Back in March, we learned that former California Congressman Duncan Hunter (R) had pleaded guilty to campaign finance transgressions and was being sentenced to eleven months in prison. He still hasn’t begun serving that sentence because his scheduled date to report to the Crowbar Hotel has been pushed back until next year due to the novel coronavirus. There was more unfinished business to take care of in that investigation, however. Hunter’s wife Margaret had also pleaded guilty for her role in the misappropriation of campaign funds and was due for a date with the judge. That happened yesterday, and unlike her spouse, Mrs. Hunter will be doing eight months for her part in the scheme. But the difference is that she’ll be spending her time at home rather than in a jail. (The Hill)

The wife of former Rep. Duncan Hunter (R-Calif.) was sentenced to eight months of home confinement on Monday after admitting to participating in a conspiracy to illegally use the representative’s campaign money for personal use.

Margaret Hunter, 45, the wife and former campaign manager for 43-year-old Duncan Hunter, was sentenced on the lower end of the eight-to-14 month range after she helped the prosecution with their case against her husband, The San Diego Union-Tribune reported.

The sentence was determined under the terms of the plea bargain she made with the Department of Justice in June 2019.

According to the terms of the deal that prosecutors settled on, Margaret Hunter wound up receiving the shortest possible sentence under the established guidelines. (It could have been anywhere from eight to fourteen months.) The prosecutors had asked the judge to consider her cooperation in the matter and the assistance she offered in getting her husband to eventually plead guilty.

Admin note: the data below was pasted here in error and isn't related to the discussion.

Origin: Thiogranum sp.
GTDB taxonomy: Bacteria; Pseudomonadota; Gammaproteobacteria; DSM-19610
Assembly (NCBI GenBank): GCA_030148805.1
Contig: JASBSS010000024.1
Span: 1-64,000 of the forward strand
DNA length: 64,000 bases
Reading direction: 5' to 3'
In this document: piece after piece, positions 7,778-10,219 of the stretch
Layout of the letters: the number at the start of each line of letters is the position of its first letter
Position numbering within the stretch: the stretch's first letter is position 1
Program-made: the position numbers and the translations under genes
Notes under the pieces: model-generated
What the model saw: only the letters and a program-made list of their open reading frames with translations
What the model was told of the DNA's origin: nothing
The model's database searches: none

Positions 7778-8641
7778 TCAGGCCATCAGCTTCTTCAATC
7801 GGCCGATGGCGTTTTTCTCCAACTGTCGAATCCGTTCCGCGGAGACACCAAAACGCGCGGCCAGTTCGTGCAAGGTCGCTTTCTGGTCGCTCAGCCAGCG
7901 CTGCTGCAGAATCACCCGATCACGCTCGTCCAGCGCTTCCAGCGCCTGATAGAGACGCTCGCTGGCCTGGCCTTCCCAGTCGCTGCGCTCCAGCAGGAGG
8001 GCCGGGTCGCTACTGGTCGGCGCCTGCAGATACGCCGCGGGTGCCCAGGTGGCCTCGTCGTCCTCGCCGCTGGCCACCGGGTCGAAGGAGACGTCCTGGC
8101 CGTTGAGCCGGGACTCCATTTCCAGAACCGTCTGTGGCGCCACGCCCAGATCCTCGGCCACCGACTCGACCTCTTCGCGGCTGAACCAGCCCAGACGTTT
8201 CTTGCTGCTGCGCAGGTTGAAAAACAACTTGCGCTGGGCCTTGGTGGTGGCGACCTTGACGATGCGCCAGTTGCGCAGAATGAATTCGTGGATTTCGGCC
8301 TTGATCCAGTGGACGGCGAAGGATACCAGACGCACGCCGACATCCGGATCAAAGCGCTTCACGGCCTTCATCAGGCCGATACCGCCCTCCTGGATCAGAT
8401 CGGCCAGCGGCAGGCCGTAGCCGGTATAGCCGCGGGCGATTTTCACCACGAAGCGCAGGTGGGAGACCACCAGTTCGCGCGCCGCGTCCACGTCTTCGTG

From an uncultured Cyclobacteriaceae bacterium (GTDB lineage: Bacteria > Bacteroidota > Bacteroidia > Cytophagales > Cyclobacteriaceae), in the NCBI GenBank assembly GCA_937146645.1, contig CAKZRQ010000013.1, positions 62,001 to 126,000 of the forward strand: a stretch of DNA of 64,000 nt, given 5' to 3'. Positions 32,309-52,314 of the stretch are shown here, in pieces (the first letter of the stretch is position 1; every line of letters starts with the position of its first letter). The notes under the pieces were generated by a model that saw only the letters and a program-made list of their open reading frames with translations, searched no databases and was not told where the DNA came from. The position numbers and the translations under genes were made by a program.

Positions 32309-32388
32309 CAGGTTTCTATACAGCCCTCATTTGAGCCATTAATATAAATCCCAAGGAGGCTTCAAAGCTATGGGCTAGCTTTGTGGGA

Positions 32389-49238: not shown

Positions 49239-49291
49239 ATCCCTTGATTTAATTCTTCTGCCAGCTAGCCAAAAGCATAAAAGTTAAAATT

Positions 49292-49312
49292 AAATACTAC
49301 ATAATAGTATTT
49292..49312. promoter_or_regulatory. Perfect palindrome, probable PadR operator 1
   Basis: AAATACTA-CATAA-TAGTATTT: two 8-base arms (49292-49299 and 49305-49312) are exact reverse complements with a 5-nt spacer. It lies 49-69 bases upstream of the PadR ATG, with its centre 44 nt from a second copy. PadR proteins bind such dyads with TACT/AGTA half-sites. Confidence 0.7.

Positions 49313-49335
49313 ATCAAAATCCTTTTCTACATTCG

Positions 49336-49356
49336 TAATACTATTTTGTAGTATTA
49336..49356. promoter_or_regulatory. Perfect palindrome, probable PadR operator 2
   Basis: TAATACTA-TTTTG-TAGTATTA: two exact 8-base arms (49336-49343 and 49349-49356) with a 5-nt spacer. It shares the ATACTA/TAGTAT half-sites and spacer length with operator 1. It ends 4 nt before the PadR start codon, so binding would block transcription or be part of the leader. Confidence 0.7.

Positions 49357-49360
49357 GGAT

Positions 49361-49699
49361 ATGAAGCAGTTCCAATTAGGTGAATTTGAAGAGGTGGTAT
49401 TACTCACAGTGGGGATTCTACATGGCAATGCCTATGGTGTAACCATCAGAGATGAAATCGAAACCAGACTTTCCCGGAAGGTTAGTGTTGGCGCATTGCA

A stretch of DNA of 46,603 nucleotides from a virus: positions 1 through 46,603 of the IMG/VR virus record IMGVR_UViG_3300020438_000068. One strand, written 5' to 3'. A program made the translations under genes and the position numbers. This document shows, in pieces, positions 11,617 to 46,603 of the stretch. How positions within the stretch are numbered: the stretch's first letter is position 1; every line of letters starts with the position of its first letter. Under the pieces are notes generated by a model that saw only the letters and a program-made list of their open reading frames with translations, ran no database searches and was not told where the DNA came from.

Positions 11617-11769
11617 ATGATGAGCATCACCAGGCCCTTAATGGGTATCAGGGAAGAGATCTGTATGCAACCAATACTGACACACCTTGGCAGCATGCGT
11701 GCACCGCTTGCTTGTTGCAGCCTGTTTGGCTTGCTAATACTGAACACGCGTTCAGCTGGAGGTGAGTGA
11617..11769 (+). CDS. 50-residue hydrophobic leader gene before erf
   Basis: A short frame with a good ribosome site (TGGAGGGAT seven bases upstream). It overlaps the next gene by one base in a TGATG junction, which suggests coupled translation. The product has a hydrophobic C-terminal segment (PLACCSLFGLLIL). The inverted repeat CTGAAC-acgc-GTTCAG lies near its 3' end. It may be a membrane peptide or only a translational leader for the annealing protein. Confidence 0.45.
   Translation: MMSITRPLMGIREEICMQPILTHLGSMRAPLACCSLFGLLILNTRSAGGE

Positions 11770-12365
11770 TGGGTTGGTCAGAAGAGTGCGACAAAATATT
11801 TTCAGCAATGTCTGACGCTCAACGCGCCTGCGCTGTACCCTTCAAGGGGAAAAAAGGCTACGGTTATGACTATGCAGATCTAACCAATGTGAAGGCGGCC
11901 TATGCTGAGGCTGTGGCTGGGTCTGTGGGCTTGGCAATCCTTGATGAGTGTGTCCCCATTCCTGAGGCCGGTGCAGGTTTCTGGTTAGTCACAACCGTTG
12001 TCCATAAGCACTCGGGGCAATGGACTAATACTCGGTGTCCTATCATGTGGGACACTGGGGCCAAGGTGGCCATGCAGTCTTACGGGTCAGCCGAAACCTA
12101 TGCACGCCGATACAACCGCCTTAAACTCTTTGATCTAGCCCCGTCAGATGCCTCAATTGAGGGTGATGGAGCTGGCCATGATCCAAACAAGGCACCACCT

I think what we’re seeing here is the culmination of Duncan Hunter’s failed attempts to negotiate his way out of this mess without having to pay any significant price. From the beginning, the prosecutors painted a fairly comprehensive picture of what had been going on and it seemed rather obvious that significant amounts of campaign funds had been diverted for the couple’s personal use. And we’re not just talking about paying for groceries and the cable bill. There were lavish vacations, including a trip to Italy. Other expenses too numerous to mention were obviously not related to his campaign.

From the beginning, Hunter claimed that this was all some sort of misunderstanding and he was totally innocent. When that didn’t seem to be working, he changed up his tactics and tried to blame the entire mess on his wife, who had admittedly taken on some of the campaign bookkeeping tasks. There’s one big lesson for all of you aspiring politicians out there to learn from this. If you’re going to try to blame your wife for whatever mess you’ve created for yourself, be sure to check with her first.

After the Congressman attempted to throw his wife under the bus, she almost immediately went to the prosecutors and looked to cut a deal. If she could bring her husband down, she would get a lighter sentence in return. From the looks of things, she cut a pretty good deal and the state held up their end of the bargain.

It’s true that being confined to your home for months on end is no fun, a fact that I’m sure most of you are familiar with, in the age of COVID-19 lockdowns. But by the same token, that fact probably makes Margaret Hunter’s sentence all the more bearable. She’s already used to being locked down in her house, for the most part, so what’re another eight months of that going to mean to her in the bigger picture? And she’ll still be able to pick up the phone and have pizza delivered next year while her husband is eating prison chow. There’s got to be at least a little bit of consolation in this for her.